The last week of new comics until who-knows-when owing to the Diamond shut-down — okay, owing to COVID-19 is probably a more accurate way of putting things — yielded a mixed bag of reading for yours truly, so let’s take a look at what was in said bag before this column goes on hiatus (to be temporarily replaced by a standard full-length review post of a small press or self-published comic, as is my usual wont around these parts), shall we? Indeed we shall —
While it’s nice to see Alan Davis back drawing the House of Xavier — and it’s kinda nice to see the House of Xavier itself, come to think of it, given that it’s been abandoned in favor of the mutant island nation of Krakoa — Jonathan Hickman’s script for Giant-Size X-Men : Nightcrawler #1 reads like precisely what it is : an 8-page backup strip extended out to 30-ish pages so Marvel could charge five bucks for it. In other words, this is a naked cash grab — but then, so is the whole extended X-line these days, consisting as it does of, what? A dozen titles, at least? And now a slew of one-shots are forthcoming as well, this being the first. Nightcrawler is pretty much relegated to the role of a supporting player in this book bearing his own name about a small band of mutants, under his nominal “leadership,” heading back to Xavier’s School for Gifted Youngsters to see why the portal to Krakoa located there is fucking up. If this were a short yarn, it would probably be a fun one, but there’s nothing here to hang an “extra-length” issue on, even if Davis’ art is a fun mix of his usual signature style with a hint of Dave Cockrum homage around the edges. Buy it if you’re a completist, I guess, but otherwise give it a pass — and let’s hope that Marvel avails themselves of the opportunity to trim the glut of X-titles down by at least half during this economic downturn.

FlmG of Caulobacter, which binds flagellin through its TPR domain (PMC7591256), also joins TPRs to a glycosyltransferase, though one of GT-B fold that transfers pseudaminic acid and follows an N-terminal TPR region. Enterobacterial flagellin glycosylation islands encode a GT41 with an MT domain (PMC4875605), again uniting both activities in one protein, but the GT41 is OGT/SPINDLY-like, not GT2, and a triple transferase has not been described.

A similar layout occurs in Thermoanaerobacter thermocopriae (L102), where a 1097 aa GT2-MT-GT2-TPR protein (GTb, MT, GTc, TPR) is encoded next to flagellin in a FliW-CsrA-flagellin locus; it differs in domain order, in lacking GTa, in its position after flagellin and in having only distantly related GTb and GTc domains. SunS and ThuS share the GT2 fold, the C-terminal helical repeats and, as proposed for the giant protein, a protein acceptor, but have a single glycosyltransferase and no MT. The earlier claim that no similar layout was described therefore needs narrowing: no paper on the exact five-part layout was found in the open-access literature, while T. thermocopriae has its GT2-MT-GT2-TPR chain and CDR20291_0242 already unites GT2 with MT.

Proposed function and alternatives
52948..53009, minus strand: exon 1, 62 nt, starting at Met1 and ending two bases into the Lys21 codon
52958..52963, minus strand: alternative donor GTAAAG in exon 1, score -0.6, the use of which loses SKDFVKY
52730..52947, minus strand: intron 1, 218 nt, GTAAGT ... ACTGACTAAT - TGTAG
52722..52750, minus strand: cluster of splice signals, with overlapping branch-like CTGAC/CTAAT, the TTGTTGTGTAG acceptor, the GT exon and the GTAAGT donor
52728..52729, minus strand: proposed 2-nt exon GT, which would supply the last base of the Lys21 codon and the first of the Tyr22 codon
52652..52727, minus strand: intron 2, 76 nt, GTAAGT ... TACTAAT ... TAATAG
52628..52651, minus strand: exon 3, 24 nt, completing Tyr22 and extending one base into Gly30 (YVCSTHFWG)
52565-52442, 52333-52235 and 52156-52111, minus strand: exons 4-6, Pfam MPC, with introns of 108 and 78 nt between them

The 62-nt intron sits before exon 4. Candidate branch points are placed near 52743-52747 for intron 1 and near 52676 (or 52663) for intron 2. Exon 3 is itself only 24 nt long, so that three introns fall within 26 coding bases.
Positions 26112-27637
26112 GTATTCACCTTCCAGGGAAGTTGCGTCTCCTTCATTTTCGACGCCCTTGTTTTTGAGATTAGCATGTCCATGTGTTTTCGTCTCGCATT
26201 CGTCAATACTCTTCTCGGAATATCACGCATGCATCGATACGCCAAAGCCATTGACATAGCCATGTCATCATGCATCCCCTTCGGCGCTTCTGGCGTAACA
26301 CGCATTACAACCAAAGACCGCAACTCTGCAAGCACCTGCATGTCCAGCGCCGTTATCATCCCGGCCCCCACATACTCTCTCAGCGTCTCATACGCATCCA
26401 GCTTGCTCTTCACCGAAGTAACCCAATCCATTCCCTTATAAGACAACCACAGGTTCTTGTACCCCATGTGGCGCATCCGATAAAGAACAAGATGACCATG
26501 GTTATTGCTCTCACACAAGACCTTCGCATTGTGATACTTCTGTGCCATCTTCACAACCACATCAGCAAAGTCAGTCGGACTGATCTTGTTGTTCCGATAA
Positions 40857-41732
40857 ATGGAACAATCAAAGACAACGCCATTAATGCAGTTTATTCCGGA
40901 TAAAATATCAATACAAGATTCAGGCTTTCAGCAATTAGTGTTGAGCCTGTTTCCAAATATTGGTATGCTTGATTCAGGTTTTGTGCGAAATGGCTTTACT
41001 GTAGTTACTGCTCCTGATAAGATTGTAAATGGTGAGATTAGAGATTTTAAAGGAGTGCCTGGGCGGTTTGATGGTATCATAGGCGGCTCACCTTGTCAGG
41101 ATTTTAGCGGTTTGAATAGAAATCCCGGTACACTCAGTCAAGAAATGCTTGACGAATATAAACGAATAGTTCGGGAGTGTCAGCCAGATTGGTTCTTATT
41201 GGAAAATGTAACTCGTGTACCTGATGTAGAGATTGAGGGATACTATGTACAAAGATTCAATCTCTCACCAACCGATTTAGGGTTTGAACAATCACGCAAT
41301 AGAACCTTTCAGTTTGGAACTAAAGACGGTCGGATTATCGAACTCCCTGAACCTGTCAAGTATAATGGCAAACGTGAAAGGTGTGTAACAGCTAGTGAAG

Sticking with Marvel, and with higher prices, The Immortal Hulk #33 carries a six dollar price tag and a couple dozen or so extra pages due to the fact that it apparently marks the 750th issue of any and all Hulk comics, provided you go by the so-called “legacy” numbering. This has a suitably “epic” feel to it, and features the climax of the current (okay, now former) story arc pitting big, green, and mean against the false-memory-implanting alien monster known as Xemnu, and while Al Ewing brings things to a more than satisfactory close — while also setting the table for some intriguing shit to come — it’s the eye-candy art that steals the show here, with Joe Bennett serving up some of his very best double-page splashes and batshit-crazy character designs yet, while guest second-fiddle (or should that be co-star?) Nick Pitarra knocks it out of the park with his tripped-out “mindscape” pages. Another absolutely essential issue of the best “Big Two” series of the past decade — and probably the next one, too.